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'Your child, your responsibility' message to parents from Police and Ambulance Service

Island's Emergency Services express Concern for Youths as summer holidays begin

RELEASED TO MEDIA ON FRIDAY 17 JULY AT 10:00 AM

TWO of the Island's emergency services are asking parents to keep an eye on their child's welfare as the summer holidays commence.

As the schools break up, both the States of Jersey Police and Jersey's Ambulance Service, who run joint patrols when demand allows, are asking parents for their help to ensure that children and teenagers do not get into situations where they could be vulnerable, breaking the law, or exposed to harm.

˜From a welfare point of view, we do have serious concerns about the levels of alcohol abuse amongst teenagers,' said Richard D'Ulivo-Rogers, Station Officer and Paramedic at the Ambulance Service.

˜While we don't want to inhibit our young people from enjoying their well earned rest and relaxation we are seeing increasing numbers of very young teenagers who are drinking huge amounts of alcohol with serious health and safety implications.

˜In recent weeks one 13 year old girl was picked-up from the area of the sand dunes wearing nothing but her underwear, and she was so grossly intoxicated that the two men who bundled her into their vehicle could have been anyone “ fortunately on this occasion they were an ambulance crew.   Her blood alcohol level was subsequently found to be 4 times the legal limit for an adult to drive.

On another occasion, we were told about an 11 year old boy during a Friday afternoon, not late in the evening, was discovered by a couple in some woods on his own.  He was unconscious due to his consumption of a bottle of vodka.  The direct effects of the alcohol itself will cause his collapse but prior to this he could aimlessly wander around placing his physical safety in jeopardy.  These woods are precariously close to cliffs.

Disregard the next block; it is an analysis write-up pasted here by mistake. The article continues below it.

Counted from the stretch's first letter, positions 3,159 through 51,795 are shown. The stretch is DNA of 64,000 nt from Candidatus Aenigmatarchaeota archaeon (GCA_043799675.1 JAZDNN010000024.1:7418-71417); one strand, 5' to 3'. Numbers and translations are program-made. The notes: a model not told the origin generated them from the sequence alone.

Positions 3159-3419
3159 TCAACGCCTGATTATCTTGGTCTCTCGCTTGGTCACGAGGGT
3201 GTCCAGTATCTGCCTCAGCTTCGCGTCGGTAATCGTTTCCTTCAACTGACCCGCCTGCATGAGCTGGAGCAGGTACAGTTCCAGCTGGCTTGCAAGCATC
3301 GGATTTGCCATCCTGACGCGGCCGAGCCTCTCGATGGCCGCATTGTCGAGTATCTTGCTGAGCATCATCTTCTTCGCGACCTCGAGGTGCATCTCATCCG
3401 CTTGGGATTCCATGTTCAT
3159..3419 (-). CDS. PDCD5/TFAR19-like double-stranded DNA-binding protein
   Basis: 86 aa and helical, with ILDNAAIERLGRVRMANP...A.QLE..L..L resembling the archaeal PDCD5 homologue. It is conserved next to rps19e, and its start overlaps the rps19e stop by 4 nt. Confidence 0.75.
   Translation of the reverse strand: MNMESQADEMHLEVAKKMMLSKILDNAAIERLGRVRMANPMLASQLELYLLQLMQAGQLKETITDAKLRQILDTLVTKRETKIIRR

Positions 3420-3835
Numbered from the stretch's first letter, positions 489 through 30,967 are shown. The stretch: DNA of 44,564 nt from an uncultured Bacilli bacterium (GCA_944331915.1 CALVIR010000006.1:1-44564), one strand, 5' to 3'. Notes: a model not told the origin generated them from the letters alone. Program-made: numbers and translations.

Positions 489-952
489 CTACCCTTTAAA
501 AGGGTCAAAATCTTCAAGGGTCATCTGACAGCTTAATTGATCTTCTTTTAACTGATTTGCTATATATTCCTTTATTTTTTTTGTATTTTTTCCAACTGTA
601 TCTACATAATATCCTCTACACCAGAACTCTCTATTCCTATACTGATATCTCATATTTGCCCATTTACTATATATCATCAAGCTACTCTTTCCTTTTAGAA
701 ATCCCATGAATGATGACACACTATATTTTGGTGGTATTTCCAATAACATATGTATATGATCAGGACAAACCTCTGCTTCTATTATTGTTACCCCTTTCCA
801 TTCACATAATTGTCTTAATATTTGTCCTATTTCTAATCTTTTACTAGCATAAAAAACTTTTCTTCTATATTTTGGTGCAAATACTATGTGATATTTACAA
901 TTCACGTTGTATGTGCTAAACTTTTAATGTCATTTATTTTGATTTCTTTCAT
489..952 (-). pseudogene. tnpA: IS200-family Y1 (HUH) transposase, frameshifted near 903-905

˜We are aware that "Sleeping out during the summer months should be a fun activity but we are trying to impress upon teenagers that when they are grossly intoxicated they are very vulnerable from inhaling vomit, blood poisoning, neurological damage leading to coma and hypothermia due to the effects of alcohol and exposure. 

Of equal concern is that grossly intoxicated youngsters whose inhibitions are significantly altered and are incapable of fending off unwelcome sexual advances from friends or strangers, place themselves in extremely vulnerable and dangerous situations. It is also important that whilst the illegal supply of alcohol to teenagers is a concern, the Ambulance Service priority is the safety of our patients. 

˜In essence we are asking teenagers to respect themselves and take responsibility for their health and well-being.'

Inspector Alan Williamson of the States of Jersey Police added: ˜For the past few years now, the States of Jersey Police have run a campaign called ˜Your Child, Your Responsibility', which reminds parents that we need their help to ensure the safety of their children. We're not trying to spoil anyone's fun or free time, but we also have a duty to ensure that the majority of people who live in Jersey aren't disturbed by a minority who might be drunk, rowdy or misbehaving.'

˜The summer holidays are busy times for us, and we have to balance the enjoyment of young people with the lifestyles of others. Both ourselves and the Ambulance Service ask parents to ensure that they help their teenagers to make informed decisions and that they know where they are notwithstanding that many of the teenagers we pick-up are found anywhere but where the parents have been told they will be.

˜Our current radio advertising campaign, which runs for the next three weeks highlights this, and we hope that it will strike a chord with parents.

So far this year a total of 470 youth arrests have been made compared to 386 for the same period last year. In 2008, the middle two months of August were our busiest weeks for complaints about youths. However, we would stress that complaints about youths d"s not necessarily equate to more crime; it could just be people calling about noisy groups or parties. We are keen to work with young people, as our colleagues at the Youth Action team and our community officers do already, as well as our colleagues the Honorary Police.

However, we would urge all parents to help us, to know where their children are. Please ask your children where they will be, who they'll be with and what they'll be doing. We will contact parents in some cases, and let them know that their child has come to the attention of the Police where appropriate. ˜

Media information:

Both the States of Jersey Police and the Ambulance Service have spokespeople available for comment today.
For further details please call duty officer Insp Alan Williamson at the States of Jersey Police on 612405 and station officer Richard D'Ulivo-Rogers at the Ambulance Service on 07797 918463. Richard is not available between 11 am and 12 noon.

 

 

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